For aeon, neuroscientist and psychologist Marc Lewis declares, “Addiction changes the brain but it’s not a disease that can be cured with medicine. In fact, it’s learned – like a habit.”
Getting addicted seems more like a process of getting maladapted to the presence of substances, than it is to contracting some kind of external disease.
Thank you for this. It was a succinct and informative piece about addiction that largely reaffirmed concepts I already know that I think will help the less informed understand addiction a little better.
“More intriguingly, a number of studies have shown that the belief that addiction is a disease actually decreases the odds of sustained recovery. AA has long overwritten the notion of self-generated change with that of vigilant control: once an addict, always an addict, so watch out!”
What’s so sad is that AA/NA recovery model has such abysmal actual long-term recovery rates and yet these programs are court-ordered to those needing real help. The whole 12 steps concept of considering oneself powerless over their own behaviour and yet accountable to others for that behaviour sounds like blaming the addict while simultaneously reassuring them it’s not really their fault. How this approach helps anyone stop a negative behaviour is beyond me and I boggle at the mental gymnastics needed to actually succeed with this method. I once had a heated discussion with a fellow patient trying to claim their powerlessness over their addiction. And yet, their higher power wasn’t a powerful being such as God or Allah or Buddha. No, it was trees. They’re pagan, so the trees are responsible for keeping them from drinking. I don’t think the National Forestry Service is in danger of receiving mental health dollars anytime soon but it’s an interesting con that person is playing on themself.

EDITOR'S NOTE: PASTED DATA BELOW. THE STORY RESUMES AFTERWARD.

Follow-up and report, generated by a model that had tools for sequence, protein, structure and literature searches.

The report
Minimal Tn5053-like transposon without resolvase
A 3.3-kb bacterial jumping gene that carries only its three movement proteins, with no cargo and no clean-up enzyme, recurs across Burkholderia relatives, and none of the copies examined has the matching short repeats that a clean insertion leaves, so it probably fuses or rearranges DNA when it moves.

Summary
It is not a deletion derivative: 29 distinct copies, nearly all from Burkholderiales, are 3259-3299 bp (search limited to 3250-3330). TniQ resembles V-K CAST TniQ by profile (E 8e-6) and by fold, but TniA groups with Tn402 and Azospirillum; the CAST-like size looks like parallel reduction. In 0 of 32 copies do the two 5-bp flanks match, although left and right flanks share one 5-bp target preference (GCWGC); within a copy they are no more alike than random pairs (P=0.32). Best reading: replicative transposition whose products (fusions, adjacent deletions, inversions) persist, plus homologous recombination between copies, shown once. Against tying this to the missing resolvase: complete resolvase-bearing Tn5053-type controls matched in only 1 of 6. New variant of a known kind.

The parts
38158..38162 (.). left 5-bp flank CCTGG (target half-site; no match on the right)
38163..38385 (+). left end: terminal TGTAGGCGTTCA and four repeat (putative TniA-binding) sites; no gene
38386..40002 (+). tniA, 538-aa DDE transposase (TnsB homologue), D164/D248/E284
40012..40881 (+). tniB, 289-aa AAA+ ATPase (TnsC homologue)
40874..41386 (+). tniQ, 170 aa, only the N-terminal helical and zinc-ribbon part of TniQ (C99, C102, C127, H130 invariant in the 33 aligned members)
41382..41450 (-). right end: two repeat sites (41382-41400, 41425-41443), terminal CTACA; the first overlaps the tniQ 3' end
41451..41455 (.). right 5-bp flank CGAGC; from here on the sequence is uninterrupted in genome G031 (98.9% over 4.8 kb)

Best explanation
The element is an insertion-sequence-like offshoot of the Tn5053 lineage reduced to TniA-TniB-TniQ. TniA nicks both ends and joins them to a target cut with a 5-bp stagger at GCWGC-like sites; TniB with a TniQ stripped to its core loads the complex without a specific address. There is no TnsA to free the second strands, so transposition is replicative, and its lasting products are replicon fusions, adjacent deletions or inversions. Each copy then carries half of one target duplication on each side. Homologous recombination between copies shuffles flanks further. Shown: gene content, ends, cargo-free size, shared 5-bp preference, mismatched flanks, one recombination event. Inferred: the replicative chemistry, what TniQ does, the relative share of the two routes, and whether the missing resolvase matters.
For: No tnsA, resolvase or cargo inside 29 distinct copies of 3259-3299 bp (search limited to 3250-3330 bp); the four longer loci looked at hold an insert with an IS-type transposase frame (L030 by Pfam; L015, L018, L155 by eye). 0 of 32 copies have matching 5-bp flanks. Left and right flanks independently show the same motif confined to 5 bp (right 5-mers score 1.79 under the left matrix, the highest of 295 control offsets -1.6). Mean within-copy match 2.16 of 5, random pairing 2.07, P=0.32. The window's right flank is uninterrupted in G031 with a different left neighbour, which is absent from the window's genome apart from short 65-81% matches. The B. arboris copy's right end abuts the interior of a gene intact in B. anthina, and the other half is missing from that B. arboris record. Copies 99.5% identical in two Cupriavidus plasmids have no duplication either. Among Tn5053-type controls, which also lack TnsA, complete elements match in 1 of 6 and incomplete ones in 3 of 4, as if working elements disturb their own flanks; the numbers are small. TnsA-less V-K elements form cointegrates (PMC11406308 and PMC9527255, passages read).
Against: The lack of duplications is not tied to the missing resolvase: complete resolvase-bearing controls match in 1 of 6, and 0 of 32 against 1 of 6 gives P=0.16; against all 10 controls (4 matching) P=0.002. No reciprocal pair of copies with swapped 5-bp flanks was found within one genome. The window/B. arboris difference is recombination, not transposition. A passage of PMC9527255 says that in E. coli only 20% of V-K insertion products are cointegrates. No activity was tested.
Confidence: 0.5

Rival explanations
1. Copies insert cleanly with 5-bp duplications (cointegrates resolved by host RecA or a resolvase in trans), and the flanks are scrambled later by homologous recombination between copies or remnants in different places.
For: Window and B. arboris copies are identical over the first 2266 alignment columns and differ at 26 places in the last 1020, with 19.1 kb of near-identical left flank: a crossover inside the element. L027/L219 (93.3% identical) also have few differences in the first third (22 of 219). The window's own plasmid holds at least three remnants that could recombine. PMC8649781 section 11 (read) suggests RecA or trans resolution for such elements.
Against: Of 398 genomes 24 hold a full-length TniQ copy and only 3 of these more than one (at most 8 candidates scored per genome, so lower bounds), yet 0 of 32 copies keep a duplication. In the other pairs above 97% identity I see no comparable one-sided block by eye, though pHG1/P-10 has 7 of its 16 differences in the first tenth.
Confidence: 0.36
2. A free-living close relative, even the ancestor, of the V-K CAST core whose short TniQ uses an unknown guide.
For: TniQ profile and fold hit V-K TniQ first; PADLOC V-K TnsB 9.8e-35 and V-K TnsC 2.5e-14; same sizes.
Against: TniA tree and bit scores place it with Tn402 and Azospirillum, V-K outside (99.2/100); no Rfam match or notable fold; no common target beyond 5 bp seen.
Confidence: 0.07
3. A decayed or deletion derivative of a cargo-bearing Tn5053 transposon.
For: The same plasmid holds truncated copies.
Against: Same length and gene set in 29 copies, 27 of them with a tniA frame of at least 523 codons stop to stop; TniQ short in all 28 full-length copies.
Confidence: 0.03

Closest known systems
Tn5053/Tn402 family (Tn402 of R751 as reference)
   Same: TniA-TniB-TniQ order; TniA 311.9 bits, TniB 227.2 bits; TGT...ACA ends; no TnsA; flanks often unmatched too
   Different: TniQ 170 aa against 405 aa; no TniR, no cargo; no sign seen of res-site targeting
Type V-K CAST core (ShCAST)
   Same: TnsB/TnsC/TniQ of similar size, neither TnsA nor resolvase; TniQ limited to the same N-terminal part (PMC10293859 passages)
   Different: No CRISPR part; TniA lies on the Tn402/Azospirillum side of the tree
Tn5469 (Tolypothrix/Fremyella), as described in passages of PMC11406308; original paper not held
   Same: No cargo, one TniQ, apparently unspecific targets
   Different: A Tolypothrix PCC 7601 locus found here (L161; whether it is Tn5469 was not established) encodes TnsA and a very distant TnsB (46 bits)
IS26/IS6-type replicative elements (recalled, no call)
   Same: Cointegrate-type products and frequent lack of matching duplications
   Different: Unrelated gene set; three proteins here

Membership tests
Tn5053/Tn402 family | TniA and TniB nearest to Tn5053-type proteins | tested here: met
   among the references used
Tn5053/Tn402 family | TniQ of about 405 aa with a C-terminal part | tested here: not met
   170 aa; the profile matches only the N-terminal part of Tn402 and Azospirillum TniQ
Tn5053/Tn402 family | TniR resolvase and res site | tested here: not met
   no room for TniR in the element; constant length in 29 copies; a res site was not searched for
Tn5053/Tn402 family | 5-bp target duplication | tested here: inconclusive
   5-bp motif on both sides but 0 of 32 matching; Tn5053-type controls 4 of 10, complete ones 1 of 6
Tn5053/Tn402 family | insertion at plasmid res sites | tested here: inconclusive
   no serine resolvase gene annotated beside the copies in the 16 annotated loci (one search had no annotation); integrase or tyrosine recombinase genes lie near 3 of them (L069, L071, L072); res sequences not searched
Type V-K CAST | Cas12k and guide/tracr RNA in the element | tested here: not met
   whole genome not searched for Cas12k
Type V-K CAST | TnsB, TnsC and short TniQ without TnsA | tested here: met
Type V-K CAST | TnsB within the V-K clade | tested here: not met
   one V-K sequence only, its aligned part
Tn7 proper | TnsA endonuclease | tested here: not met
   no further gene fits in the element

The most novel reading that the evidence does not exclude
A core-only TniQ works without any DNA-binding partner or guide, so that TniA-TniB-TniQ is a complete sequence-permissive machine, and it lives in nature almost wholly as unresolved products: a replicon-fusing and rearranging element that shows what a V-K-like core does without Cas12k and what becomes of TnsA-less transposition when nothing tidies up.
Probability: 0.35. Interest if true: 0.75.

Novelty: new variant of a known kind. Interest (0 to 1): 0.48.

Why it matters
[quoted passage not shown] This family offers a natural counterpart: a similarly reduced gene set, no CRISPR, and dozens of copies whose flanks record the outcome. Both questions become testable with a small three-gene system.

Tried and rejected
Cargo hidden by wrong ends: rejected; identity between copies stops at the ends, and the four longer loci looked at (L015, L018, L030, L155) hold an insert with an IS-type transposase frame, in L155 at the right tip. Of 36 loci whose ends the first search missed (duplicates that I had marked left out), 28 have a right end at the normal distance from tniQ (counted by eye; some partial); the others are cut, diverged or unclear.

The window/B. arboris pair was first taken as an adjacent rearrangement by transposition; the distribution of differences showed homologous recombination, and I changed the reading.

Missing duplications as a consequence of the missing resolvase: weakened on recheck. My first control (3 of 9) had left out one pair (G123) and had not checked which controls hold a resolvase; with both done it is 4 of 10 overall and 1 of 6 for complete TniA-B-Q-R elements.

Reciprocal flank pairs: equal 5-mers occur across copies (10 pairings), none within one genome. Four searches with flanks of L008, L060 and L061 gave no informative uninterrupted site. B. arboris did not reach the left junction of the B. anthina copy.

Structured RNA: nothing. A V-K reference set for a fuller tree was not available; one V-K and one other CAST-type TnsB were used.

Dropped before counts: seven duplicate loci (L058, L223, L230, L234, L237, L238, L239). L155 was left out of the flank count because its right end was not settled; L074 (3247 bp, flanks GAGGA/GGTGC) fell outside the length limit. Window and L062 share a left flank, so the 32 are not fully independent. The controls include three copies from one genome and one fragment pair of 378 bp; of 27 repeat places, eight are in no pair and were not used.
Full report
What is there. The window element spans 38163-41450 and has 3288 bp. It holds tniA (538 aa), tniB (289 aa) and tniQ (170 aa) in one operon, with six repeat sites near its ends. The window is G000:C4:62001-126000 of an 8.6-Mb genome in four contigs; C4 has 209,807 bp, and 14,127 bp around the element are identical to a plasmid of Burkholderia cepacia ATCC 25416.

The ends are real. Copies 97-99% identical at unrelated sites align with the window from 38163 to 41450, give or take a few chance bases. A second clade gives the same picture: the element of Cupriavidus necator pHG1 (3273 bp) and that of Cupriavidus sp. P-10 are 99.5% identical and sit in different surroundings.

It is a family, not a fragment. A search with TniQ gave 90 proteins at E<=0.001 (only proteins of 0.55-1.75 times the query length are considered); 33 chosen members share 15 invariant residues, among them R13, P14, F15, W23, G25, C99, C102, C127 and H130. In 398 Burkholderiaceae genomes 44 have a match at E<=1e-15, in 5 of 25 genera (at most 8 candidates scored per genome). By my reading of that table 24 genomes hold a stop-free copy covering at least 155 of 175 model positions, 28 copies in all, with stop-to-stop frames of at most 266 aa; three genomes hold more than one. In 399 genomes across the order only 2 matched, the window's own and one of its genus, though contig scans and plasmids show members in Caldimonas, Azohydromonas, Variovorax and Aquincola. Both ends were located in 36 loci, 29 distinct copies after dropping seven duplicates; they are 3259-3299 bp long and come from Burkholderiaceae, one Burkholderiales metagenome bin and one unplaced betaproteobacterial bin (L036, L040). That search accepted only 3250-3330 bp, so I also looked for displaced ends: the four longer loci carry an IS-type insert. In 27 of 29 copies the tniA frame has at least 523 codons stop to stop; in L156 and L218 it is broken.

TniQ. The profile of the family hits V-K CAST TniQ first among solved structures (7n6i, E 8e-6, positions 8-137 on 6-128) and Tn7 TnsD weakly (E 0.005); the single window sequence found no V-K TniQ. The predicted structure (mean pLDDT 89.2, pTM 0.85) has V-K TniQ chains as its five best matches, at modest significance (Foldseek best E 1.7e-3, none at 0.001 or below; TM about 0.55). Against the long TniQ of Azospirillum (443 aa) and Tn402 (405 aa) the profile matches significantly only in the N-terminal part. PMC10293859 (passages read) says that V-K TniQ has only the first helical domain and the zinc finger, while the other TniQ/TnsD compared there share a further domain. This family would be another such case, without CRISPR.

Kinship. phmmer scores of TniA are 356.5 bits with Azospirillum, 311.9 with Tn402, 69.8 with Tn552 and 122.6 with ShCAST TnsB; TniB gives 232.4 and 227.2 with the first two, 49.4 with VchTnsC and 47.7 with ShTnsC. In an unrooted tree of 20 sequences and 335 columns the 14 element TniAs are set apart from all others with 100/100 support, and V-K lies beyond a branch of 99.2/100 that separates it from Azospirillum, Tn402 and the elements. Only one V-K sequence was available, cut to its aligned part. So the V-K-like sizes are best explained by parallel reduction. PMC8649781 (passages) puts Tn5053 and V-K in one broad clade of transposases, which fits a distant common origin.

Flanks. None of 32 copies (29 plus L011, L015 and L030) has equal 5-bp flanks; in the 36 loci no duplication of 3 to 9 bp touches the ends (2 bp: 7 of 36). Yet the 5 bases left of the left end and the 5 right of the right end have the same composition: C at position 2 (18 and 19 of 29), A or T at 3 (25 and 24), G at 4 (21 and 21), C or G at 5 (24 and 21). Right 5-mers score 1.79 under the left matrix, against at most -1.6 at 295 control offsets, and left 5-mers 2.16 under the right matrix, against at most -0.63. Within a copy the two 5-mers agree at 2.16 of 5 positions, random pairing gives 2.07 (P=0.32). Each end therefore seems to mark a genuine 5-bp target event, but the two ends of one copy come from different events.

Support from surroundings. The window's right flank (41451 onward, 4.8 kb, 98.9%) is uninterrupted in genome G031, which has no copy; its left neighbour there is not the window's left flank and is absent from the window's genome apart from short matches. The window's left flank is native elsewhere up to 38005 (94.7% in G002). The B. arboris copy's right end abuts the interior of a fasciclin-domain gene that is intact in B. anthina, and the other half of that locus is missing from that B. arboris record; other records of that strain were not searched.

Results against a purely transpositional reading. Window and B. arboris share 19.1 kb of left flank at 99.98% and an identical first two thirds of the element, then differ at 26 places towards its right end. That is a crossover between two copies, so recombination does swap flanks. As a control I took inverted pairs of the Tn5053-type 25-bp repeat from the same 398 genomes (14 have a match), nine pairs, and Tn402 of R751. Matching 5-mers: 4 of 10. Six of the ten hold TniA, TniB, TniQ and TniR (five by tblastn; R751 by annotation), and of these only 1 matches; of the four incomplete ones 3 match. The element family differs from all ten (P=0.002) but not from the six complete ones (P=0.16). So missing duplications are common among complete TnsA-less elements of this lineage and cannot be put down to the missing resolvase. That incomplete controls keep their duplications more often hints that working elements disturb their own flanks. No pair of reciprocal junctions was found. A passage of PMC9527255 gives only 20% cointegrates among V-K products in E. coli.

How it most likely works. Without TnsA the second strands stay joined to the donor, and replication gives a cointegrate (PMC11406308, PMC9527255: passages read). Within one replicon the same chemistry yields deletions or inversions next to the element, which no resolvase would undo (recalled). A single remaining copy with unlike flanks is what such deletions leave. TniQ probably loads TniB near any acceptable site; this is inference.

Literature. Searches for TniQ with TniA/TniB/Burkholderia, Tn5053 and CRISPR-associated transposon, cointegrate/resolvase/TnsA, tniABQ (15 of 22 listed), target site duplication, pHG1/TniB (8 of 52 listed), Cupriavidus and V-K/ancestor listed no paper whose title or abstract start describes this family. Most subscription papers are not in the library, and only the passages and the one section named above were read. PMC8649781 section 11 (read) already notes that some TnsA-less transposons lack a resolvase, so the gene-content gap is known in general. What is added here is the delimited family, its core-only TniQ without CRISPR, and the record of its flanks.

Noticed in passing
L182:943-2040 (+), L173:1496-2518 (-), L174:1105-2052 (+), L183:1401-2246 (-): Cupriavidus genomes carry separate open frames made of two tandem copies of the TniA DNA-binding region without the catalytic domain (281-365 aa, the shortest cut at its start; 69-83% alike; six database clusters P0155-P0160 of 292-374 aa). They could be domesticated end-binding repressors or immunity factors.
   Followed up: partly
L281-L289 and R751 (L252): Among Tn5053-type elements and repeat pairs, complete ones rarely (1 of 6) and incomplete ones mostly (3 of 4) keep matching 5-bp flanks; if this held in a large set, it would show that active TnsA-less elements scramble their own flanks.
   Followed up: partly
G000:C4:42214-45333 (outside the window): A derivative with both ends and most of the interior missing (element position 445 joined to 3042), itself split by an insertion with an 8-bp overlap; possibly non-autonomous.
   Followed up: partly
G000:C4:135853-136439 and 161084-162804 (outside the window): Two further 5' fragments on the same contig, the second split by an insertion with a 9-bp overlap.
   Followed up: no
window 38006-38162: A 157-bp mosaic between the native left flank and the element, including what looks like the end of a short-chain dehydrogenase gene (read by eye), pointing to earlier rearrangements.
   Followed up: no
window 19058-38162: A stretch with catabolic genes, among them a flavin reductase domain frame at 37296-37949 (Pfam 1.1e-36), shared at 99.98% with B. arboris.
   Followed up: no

The author describes his own addiction as a “compulsion;” I consider “compulsion” to be a habit and the most accurate term for “addiction.”